the image processing device according to claim 1; and
an image forming device configured to form an image on a recording material using an image forming material based on an image signal processed by the image processing device.
5. A non-transitory computer readable storage medium encoded with instructions which when executed by a computer causes the computer to perform an image processing method comprising:
receiving an image signal of an image to be processed, said image including a photovoltaic image area that includes a face image area;
determining edges in the image except in the face image area;
detecting a density reduction area that is a non-edge portion of the image that is not included in the face image area;
detecting the face image area in the image; and
reducing density of the density reduction area that is the non-edge portion of the image that is not part of the face image area detected in the detecting the density reduction area, while maintaining a density of the face image area and maintaining a density of the edges of the image that are not part of the face image area.
6. The image processing device according to claim 2, wherein the density controller is further configured to maintain a density of the numeric image area detected by the image area detector.
7. The non-transitory computer readable storage medium according to claim 5, wherein the method further comprises:
detecting a numeric image area in the image.
8. The non-transitory computer readable storage medium according to claim 7, wherein the method further comprises:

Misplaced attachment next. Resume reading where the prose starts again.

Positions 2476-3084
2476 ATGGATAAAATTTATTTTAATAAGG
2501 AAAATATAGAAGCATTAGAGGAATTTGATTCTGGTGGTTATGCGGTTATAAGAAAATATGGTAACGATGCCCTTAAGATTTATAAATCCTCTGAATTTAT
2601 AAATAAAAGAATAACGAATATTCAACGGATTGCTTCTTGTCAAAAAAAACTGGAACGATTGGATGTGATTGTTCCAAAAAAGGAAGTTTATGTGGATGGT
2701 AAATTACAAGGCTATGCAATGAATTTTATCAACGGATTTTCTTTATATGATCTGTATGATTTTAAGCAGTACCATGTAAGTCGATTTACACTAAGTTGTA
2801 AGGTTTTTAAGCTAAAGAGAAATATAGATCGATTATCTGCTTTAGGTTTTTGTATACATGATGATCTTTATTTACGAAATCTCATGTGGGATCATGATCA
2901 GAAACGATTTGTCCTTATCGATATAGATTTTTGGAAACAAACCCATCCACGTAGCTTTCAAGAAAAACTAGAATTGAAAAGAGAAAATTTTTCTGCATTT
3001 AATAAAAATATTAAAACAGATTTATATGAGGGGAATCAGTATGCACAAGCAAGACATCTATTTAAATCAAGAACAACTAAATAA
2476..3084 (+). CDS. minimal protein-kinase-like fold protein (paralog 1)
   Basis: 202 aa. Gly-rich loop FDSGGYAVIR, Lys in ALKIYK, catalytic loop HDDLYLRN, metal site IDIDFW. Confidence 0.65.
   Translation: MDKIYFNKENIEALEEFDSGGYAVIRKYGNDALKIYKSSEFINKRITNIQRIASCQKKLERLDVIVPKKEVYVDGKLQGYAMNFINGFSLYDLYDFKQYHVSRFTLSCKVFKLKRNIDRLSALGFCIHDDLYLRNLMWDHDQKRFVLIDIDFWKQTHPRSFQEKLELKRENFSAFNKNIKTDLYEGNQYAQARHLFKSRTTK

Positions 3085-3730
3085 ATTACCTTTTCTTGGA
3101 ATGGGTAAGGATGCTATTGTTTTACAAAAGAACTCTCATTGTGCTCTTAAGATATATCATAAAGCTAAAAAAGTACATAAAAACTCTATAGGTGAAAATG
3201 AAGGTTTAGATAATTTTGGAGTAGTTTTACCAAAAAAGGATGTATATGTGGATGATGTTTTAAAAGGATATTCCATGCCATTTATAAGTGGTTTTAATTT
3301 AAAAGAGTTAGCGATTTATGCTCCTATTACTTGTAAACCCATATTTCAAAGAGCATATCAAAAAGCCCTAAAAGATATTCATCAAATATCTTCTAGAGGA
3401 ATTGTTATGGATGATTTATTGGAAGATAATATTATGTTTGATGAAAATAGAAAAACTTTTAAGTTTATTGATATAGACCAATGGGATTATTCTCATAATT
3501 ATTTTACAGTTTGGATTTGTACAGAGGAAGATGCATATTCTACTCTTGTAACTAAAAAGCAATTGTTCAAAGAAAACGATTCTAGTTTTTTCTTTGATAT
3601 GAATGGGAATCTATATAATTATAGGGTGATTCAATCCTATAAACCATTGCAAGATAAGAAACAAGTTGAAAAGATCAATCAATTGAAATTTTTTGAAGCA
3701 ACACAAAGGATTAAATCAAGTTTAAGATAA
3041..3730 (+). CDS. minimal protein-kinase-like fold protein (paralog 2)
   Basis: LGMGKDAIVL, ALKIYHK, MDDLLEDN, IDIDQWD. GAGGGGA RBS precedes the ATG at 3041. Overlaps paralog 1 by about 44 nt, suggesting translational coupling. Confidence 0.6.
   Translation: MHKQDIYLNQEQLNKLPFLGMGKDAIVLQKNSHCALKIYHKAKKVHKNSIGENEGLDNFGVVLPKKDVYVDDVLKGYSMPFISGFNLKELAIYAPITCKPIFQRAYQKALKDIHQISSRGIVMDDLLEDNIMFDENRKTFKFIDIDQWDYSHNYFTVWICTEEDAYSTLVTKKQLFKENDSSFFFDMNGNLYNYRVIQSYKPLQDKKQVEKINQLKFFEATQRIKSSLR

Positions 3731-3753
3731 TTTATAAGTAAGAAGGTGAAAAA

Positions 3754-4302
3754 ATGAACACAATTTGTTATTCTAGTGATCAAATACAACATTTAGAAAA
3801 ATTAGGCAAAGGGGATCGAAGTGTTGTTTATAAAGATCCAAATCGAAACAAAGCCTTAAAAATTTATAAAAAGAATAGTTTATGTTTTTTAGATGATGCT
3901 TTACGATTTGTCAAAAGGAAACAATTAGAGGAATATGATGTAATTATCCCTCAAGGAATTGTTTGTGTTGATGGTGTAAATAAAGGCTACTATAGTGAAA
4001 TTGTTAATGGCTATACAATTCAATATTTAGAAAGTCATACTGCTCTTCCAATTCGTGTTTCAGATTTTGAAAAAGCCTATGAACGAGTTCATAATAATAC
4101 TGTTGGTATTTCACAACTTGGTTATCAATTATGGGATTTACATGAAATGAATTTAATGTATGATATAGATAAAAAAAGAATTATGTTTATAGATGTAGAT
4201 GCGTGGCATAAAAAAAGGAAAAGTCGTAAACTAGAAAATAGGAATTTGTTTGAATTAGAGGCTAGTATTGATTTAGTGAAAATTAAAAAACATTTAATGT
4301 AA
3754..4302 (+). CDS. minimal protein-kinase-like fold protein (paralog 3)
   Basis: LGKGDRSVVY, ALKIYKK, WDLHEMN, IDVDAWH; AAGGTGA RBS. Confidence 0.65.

maintaining a density of the numeric image area.
Description
CROSS-REFERENCE TO RELATED APPLICATIONS

The present patent application is based on and claims priority pursuant to 35 U.S.C. §119 from Japanese Patent Application No. 2007-198708, filed on Jul. 31, 2007 in the Japan Patent Office, the entire contents of which are incorporated herein by reference.

BACKGROUND OF THE INVENTION

1. Field of the Invention

Exemplary aspects of the present invention generally relate to an image processing device, an image forming apparatus including the image processing device, an image processing method, and an image processing program.

2. Description of the Background

Related-art image forming apparatuses, such as a copier, a facsimile machine, a printer, or a multifunction printer having two or more of copying, printing, scanning, and facsimile functions, form a toner image on a recording medium (e.g., a sheet) according to image data using an electrophotographic method. In such a method, for example, a charger charges a surface of an image bearing member (e.g., a photoconductor); an optical scanning device emits a light beam onto the charged surface of the photoconductor to form an electrostatic latent image on the photoconductor according to the image data; the electrostatic latent image is developed with a developer (e.g., a toner) to form a toner image on the photoconductor; a transfer device transfers the toner image formed on the photoconductor onto a sheet; and a fixing device applies heat and pressure to the sheet bearing the toner image to fix the toner image onto the sheet. The sheet bearing the fixed toner image is then discharged from the image forming apparatus.